NASA astronaut Peggy Whitson to smash US cumulative space record

Peggy Whitson, a NASA astronaut currently onboard the International Space Station, is set to break the United States record for cumulative days in space within weeks. However, her record will now be far harder to beat after the space agency decided to extend her stay on the ISS by three months.

Whitson had been scheduled to return to Earth as part of Expedition 51, which would have seen her arrive back on the Blue Marble in June, having broken the cumulative space record on 24th April. However, the extended stay will now see her return as part of Expedition 52, with a scheduled return in September.

“This is great news,” Whitson said, speaking from the ISS. “I love being up here. Living and working aboard the space station is where I feel like I make the greatest contribution, so I am constantly trying to squeeze every drop out of my time here. Having three more months to squeeze is just what I would wish for.”

The United States record for cumulative days in space is currently held by Jeff Williams, who has racked up a total of 534 days over four space flights. When Whitson completes her current mission she will have totalled over 600 days.

However, she will still have some way to go to break the overall record, which is held by Roscosmos cosmonaut Gennady Padalka with a total of 879 days in space over 5 missions. But with this being only Whitson’s third time in space, it is always possible that NASA could send her back to the ISS in the future, particularly as she is considered one of the most senior astronauts currently active within the agency.

“Peggy’s skill and experience makes her an incredible asset aboard the space station,” said Kirk Shireman, NASA’s International Space Station Program Manager, in comments about the decision to continue her stay aboard the ISS. “By extending the stay of one of NASA’s most veteran astronauts, our research, our technology development, our commercial and our international partner communities will all benefit.”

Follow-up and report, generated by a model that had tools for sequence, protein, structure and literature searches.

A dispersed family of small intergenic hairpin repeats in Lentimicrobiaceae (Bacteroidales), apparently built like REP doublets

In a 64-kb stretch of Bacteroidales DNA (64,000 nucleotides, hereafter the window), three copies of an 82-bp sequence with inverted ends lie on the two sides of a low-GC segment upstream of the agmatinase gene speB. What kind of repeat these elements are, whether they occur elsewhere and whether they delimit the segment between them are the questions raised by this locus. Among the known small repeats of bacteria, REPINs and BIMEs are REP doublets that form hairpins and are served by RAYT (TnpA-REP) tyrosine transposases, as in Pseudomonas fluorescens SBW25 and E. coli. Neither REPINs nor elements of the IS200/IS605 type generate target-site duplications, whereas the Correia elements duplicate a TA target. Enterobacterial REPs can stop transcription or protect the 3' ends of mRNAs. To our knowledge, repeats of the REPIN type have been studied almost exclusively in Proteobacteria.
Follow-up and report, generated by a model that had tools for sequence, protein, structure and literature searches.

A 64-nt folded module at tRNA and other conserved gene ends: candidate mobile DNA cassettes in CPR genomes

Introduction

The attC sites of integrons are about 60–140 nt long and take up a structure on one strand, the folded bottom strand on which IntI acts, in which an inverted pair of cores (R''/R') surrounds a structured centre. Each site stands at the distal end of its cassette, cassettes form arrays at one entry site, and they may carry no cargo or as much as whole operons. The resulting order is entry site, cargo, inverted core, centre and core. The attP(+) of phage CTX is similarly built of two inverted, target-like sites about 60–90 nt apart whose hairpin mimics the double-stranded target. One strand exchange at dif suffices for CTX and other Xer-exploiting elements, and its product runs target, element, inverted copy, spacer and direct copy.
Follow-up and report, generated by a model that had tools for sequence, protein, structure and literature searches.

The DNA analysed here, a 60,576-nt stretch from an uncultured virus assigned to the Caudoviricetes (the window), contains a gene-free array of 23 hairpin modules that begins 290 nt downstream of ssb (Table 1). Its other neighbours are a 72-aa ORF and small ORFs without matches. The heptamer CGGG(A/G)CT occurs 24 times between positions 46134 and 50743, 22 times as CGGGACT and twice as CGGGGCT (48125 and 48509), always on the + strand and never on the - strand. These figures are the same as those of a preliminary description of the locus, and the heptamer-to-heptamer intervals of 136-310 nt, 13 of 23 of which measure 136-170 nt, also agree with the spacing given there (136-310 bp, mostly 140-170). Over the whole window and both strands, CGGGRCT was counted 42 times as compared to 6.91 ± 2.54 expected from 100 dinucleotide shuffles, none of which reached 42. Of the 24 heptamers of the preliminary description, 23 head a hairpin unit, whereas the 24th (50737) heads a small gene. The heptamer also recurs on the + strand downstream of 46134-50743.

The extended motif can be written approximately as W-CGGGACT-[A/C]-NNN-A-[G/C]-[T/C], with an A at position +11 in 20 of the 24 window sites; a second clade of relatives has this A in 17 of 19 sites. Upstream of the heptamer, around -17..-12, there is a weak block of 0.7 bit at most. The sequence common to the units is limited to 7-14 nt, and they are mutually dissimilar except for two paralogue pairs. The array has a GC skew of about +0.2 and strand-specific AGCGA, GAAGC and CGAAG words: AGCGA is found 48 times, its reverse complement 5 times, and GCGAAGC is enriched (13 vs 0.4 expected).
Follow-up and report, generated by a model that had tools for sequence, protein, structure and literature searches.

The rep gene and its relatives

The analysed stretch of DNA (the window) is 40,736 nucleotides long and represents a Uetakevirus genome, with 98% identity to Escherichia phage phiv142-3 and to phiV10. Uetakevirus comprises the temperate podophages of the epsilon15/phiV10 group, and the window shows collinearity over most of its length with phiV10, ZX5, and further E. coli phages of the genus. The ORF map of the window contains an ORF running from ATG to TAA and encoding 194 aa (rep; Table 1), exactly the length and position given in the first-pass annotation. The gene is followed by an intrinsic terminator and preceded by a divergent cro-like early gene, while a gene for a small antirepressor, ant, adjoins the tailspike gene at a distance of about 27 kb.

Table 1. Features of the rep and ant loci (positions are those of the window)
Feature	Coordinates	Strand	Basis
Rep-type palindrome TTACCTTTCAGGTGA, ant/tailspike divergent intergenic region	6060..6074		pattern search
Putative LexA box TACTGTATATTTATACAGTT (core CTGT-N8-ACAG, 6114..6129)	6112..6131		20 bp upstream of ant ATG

Images courtesy of NASA Johnson

Whitson first went into space on Expedition 5 back in 2002, having been selected as an astronaut candidate by NASA in 1996 following a stint as a project scientist for the Shuttle-Mir programme.

Since then she has become one of the most successful female astronauts of all time, and in 2008 was made the first female commander of the ISS, before going on to become the first woman to command it twice.

She is also no stranger to record-breaking. She has already spent more cumulative days in space than any other woman, and has completed the most spacewalks of any female, beating Sunita Williams’ record on her second mission.

DJI’s First Drone Arena in Tokyo to Open This Saturday

Consumer drone giant DJI will open its first Japanese drone arena in the city of Tokyo this Saturday, providing a space for both hardened professionals and curious newcomers to hone their flying skills.

The arena, which covers an area of 535 square metres, will not only include a large flying area complete with obstacles, but also offer a store where visitors can purchase the latest DJI drones and a technical support area where drone owners can get help with quadcopter issues.

The hope is that the arena will allow those who are curious about the technology but currently lack the space to try it out to get involved.

“As interest around our aerial technology continues to grow, the DJI Arena concept is a new way for us to engage not just hobbyists but also those considering this technology for their work or just for the thrill of flying,” said Moon Tae-Hyun, DJI’s director of brand management and operations.

“Having the opportunity to get behind the remote controller and trying out the technology first hand can enrich the customer experience. When people understand how it works or how easy it is to fly, they will discover what this technology can do for them and see a whole new world of possibilities.”

Images courtesy of DJI

In addition to its general sessions, which will allow members of the public to drop by and try their hand at flying drones, the arena will also offer private hire, including corporate events. For some companies, then, drone flying could become the new golf.